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Ali Haydar for AWS Community Builders

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Optimise your AWS Lambda performance with NodeJS top-level await

A few months ago, I wrote an article about how to speed up your Lambda function, which explores cold starts a bit and talks about the init code phase and writing code outside the Lambda handler function.

I got a few comments asking how to call an async function outside the Lambda handler. There are a few use cases where this could be useful. For example, when retrieving a password from AWS Secrets Manager, loading a file from S3, or opening a connection to RDS database, it might not be required to do this operation upon every function invocation. So it would be great to run this operation during the function init.

const {
  SecretsManagerClient,
  GetSecretValueCommand,
} = require("@aws-sdk/client-secrets-manager");

const client = new SecretsManagerClient();
const input = {
  SecretId: "<SECRET_MANAGER_RESOURCE_ID>",
};

const command = new GetSecretValueCommand(input);
const response = await client.send(command); // This will throw an error

exports.handler = async (event) => {
    // TODO use the returned response
    const response = {
        statusCode: 200,
        body: JSON.stringify('Hello from Lambda!'),
    };
    return response;
};
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This will throw the following error:

  "errorType": "Runtime.UserCodeSyntaxError",
  "errorMessage": "SyntaxError: await is only valid in async function",
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The only way we used to have to keep an optimal performance was to move const response = await client.send(command); into the Lambda handler. This implementation is Ok but not the best, because it will be executed upon every Lambda invocation, and it doesn't help with the readability of the code.

However, NodeJS introduced Top-Level await as an experimental feature in version 14, then it became generally available in version 16.

That's great. How can we use it? We need to change our code to use ES modules. You can do this by either changing the extension of your JS file to have the .mjs file extension or simply adding the "type": "module" to your package.json file.

The code would look as follows:

import {
  SecretsManagerClient,
  GetSecretValueCommand,
} from "@aws-sdk/client-secrets-manager";

const client = new SecretsManagerClient();
const input = {
  SecretId: "<SECRET_MANAGER_RESOURCE_ID>",
};

const command = new GetSecretValueCommand(input);
const response = await client.send(command); // This will work well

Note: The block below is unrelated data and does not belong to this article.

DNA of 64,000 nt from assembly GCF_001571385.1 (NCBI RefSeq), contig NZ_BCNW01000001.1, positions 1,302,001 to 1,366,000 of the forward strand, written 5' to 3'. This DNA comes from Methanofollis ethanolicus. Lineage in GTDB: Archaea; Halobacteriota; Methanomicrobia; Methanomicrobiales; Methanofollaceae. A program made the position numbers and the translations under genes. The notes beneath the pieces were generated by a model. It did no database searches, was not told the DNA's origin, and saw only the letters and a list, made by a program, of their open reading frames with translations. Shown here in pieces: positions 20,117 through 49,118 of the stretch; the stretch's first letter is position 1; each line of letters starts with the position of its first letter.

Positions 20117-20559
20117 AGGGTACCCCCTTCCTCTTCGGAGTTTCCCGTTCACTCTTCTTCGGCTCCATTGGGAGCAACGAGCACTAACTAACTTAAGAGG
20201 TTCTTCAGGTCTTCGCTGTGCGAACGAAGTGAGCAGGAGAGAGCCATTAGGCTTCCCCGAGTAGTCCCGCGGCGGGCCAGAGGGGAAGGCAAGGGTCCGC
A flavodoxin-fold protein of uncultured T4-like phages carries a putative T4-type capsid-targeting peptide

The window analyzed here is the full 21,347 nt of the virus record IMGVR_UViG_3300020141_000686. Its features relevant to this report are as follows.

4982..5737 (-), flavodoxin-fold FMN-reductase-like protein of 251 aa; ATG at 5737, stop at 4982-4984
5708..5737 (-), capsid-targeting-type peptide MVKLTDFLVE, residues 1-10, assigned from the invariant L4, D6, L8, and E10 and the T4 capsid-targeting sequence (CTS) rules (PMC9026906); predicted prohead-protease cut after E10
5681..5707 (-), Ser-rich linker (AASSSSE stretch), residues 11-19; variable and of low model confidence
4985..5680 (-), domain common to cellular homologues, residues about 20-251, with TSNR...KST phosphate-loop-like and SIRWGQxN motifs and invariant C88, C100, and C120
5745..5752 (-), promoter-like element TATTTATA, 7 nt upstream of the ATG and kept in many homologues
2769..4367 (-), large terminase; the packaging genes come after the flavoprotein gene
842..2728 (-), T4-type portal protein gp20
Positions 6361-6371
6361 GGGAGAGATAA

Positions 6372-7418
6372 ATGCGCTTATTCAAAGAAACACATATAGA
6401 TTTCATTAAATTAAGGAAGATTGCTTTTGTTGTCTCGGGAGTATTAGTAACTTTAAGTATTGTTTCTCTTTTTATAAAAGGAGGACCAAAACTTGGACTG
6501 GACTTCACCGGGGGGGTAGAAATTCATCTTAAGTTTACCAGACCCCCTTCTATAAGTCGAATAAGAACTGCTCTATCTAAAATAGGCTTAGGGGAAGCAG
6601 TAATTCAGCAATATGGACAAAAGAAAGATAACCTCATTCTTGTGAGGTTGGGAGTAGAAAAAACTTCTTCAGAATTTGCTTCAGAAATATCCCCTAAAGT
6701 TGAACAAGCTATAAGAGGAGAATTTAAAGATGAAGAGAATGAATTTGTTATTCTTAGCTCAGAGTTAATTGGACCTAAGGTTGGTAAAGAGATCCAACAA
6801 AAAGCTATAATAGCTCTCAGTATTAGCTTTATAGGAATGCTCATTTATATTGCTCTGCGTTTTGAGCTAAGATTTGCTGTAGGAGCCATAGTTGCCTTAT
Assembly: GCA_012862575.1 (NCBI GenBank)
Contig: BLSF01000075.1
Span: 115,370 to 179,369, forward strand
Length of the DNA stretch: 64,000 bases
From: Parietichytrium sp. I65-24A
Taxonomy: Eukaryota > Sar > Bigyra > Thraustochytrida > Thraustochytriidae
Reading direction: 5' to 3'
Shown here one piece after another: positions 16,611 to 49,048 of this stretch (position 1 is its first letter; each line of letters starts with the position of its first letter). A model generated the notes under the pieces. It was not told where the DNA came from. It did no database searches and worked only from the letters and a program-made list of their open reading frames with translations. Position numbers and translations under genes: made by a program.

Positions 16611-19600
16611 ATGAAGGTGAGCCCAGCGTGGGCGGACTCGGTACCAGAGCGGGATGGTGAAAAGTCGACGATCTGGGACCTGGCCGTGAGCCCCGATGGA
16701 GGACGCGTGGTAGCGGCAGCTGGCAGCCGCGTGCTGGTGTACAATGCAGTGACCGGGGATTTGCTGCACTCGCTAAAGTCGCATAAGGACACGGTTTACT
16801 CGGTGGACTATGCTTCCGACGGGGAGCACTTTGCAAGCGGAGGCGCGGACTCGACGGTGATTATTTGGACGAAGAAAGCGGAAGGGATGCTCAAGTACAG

export const handler = async (event) => {
    // TODO use the returned response
    const response = {
        statusCode: 200,
        body: JSON.stringify('Hello from Lambda!'),
    };
    return response;
};

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Do you know of any other valuable tips with Lambda and NodeJS? I'd love to hear from you.


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Top comments (1)

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arcticshadow profile image
Cole Diffin

The 'old' way would be to have the function execute from inside the handler - but to delegate the retrieval to another function, that is an async function, that function can have a global variable reference to store the retreived value in. i.e.

const {
  SecretsManagerClient,
  GetSecretValueCommand,
} = require("@aws-sdk/client-secrets-manager");



// global value for keeping the response handy between lambda invocations
let clientResponse;

const getSecret = async () => {
  const client = new SecretsManagerClient();
  const input = {
    SecretId: "<SECRET_MANAGER_RESOURCE_ID>",
  };
  const command = new GetSecretValueCommand(input);
  clientResponse = await client.send(command); // This will throw an error
  return clientResponse
}

exports.handler = async (event) => {
    await getSecret();

    // TODO use the returned response
    const response = {
        statusCode: 200,
        body: JSON.stringify('Hello from Lambda!'),
    };
    return response;
};
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There are a couple of benefits to still following this pattern - all your code is contained within functions - allowing better readability. You can structure you functions however you want (even in different files) - also keeps all of your concerns in one place. Now i know that all my secret retrieval code is in the getSecret function. Additionally, it limits the side affects to a single globally scoped variable, that is accessed form exactly one place. (This side affect can be additionally scoped down, if for example the getSecret function and its related global var was in its own file.

I cant find the reference right now, but past experiences prefer to have the aws clients initialised inside the handler function (i.e. so that get initialised every time) it makes testing them much easier.

I guess my takeaway is - just because you can do something, doesn't mean its always the right thing. There are many ways to solve problems, it's only when you understand the different ways, that you can choose the correct one.

Here is a post you might want to check out:

Regex for lazy developers

regex for lazy devs

Sorry for the callout 😆